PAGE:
Questions on cloistered convents?


#1
  1. If your not officially converted but believe the Catholic faith is right for you can you start the discerning process?
  2. I have to respect my parents wishes not to attend a Catholic Church until after I move out. If I can not meet with a priest,nun,etc. directly can I still receive some e-mail guidance until I can? Would it be too forward to send an e-mail to a convent I’m interested in or would they not be okay with it until I can become a member?
  3. Since my family will not approve if I find it is right for me I would not have help moving from the world to a convent. Would the convent I join be likely to be able to help me get things in order so I can join them? I don’t have friends support for this so I would be on my own here.
  4. Do most nuns get to keep a journal,etc?
  5. What is convent life like? How do they handle the sick, elderly,etc? Do they leave a convent for the doctor? I do need glasses so for me an eye doctor is needed once a year though I hardly get sick. Would I still get mt prescription eyewear?

#2

You would probably need to be 18, or older, before considering monastic life (I’m just assuming that you might be under 18, since you mention parental permission?). You can still establish a friendly relationship with a cloistered community before then, though.

Health care plans for individual communities vary; so does the way they care for their elderly. These are great questions for the community that you may be interested in.

For cloistered convents, it is typical that a convert would need to wait to apply for around 3 years after entering the Catholic Church. Not all require a waiting period; it depends on how mature you appear to be, how long you’ve considered religious life (maybe you wanted to be a nun 10 years before you were even a Catholic), etc.

You may not be able to apply to a convent/monastery for several years, but that doesn’t stop you from studying different religious orders and contacting the ones that look interesting. I don’t think this is too “forward.” You can begin to learn about their way of life and develop friendships with the Sisters. I’m sure they will be happy to answer all of your questions and help you to understand the life that God may be calling you to.


#3

You said your parents will not allow you to “attend” a Catholic Church until you move out. Did they tell you that you could not speak to a priest or nun? If not, perhaps you can do so on your own.

As to Convents — the Cloistered Sisters normally (most Orders) are allowed out once a year to vote and once a year for medical checkups (including eye doctors). The active Convents, which work in schools, within the Diocese, or Churches, vary. They allow Doctor (and eye doctor) appointments as needed, and the convent pays for the glasses once you are a Novice (usually a year).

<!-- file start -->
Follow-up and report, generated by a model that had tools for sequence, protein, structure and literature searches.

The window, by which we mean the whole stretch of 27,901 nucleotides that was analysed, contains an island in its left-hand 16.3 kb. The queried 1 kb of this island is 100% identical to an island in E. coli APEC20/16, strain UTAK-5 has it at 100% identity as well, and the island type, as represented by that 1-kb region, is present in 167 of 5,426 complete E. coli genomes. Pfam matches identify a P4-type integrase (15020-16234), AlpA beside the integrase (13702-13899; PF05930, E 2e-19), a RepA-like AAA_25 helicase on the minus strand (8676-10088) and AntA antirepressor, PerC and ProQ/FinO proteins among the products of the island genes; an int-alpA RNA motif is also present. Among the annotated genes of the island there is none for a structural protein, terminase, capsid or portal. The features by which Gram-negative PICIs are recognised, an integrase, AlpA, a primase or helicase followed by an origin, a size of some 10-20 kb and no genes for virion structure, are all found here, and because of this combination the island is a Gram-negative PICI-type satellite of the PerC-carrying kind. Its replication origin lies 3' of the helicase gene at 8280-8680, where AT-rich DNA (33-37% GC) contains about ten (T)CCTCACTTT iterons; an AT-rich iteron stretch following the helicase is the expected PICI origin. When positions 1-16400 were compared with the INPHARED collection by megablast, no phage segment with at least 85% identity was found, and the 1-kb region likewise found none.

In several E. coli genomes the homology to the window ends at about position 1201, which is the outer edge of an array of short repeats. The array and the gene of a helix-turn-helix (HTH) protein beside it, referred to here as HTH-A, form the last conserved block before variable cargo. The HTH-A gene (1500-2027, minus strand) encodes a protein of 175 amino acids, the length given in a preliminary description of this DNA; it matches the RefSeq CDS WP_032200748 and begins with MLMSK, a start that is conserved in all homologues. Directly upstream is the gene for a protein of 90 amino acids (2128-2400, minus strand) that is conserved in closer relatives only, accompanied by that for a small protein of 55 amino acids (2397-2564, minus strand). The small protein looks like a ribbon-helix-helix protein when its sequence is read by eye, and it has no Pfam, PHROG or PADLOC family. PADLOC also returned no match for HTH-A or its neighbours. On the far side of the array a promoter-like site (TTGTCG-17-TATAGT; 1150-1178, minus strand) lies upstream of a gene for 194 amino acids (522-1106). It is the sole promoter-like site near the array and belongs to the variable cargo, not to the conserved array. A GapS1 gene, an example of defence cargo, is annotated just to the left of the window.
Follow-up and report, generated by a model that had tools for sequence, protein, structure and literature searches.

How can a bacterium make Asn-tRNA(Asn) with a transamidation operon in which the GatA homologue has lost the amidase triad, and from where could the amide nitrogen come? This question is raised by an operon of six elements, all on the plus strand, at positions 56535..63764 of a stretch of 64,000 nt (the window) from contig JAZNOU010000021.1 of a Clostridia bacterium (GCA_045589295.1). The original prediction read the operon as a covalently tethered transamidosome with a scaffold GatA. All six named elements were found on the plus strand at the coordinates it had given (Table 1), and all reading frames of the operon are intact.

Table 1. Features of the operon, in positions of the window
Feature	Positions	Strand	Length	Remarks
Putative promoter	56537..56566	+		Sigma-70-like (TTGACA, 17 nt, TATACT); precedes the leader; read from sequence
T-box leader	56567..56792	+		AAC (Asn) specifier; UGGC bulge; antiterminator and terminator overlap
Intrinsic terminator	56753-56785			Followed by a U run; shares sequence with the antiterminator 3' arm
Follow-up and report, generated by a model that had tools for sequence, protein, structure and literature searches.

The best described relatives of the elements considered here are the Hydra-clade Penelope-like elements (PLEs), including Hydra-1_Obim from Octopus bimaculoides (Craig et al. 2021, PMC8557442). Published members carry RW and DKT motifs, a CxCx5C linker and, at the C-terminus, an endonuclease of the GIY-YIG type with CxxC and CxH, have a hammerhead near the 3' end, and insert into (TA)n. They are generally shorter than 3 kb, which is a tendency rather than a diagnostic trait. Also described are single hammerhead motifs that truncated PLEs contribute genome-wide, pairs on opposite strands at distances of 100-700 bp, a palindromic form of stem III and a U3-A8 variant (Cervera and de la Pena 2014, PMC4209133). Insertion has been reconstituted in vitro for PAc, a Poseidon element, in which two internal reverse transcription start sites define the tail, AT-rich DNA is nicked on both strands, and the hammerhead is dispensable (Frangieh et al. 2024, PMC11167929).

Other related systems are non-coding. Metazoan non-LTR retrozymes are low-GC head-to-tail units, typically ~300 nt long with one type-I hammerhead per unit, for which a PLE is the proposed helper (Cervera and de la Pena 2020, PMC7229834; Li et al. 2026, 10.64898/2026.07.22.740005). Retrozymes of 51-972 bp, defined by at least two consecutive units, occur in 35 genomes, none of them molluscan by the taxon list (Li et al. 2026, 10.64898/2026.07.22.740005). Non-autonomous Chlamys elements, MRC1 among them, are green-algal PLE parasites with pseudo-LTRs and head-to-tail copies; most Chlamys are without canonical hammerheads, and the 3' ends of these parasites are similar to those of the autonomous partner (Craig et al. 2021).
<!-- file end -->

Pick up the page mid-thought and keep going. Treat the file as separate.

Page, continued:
You might find a Cloistered Convent which would accept you one year after your conversion and Baptism/Profession of Faith. Meantime, there are a lot of books about Catholicism in any library, which can be read IN the library, so you don’t have to take them to your parent’s home.

Some of the Carmelites will accept you one year after your conversion, likewise some of the Benedictines and Franciscans (the cloistered Franciscans Nuns are the Poor Clares, mostly.) Another possibility are the Sisters of Charity founded by Mother Teresa, which have accepted converts very soon after conversion, but they are not cloistered.

A bit of info: Sisters belong mostly to active (apostolic or working) Orders. Nuns are how cloistered Sisters are referred to, usually. There is a difference.


#4

Here’s a website on vocations. I think it should cover all of them, though I didn’t read it.

vocation.com/

I think you could start e-mailing people.

If you’re still in high school, you could also begin to talk to your guidance counselor about your wishes.


#5

I am 22 however, my parents are not Christian and are big on none of their kid a getting ‘brainwashed.’


#6

Regarding life in a Convent:

These vary greatly depending on the Order. The average is: Rising for early prayer between 4 and 5 am with Mass following. Confession at least once a month. (A priest is assigned to visit each Cloister for a year or more, when another priest is assigned). Breakfast can vary – some Cloistered Nuns have only coffee or tea and toast with possibly some fruit for breakfast. Others have a larger breakfast with scrambled eggs, perhaps some meat (although many Carmelites seldom eat meats). This is followed by work, private prayer in your cell (room) for up to 2 - 3 hours, some grow a large vegetable garden & work is done there. Most cloisters observe silence except during their once or twice a day time of getting together, and the talk is usually on Spiritual matters, or occasionally about their work. As a beginner in the Convent, you would have at least an hour and possibly 2 or 3 hours a day with your Director to teach you the Rule of the Order. After work, there is prayer again in late morning, followed by the main meal (usually) which is between 11:00 and 1:00 around lunchtime. This is followed by Scripture reading in your cell, private prayer, and in some cloisters, you do your daily work also in your cell. Laundry is also done as assigned work in small groups also in silence. Then there is afternoon prayer, Rosary, private prayer or Scripture reading, a small meal in the evening, sometimes followed by group fellowship again, then Benediction and Night prayer and very early to bed. Many Cloistered Nuns, arise again around 11 pm or 2 am for Matins (midnight prayer in the Chapel), back to bed for the hours until rising again.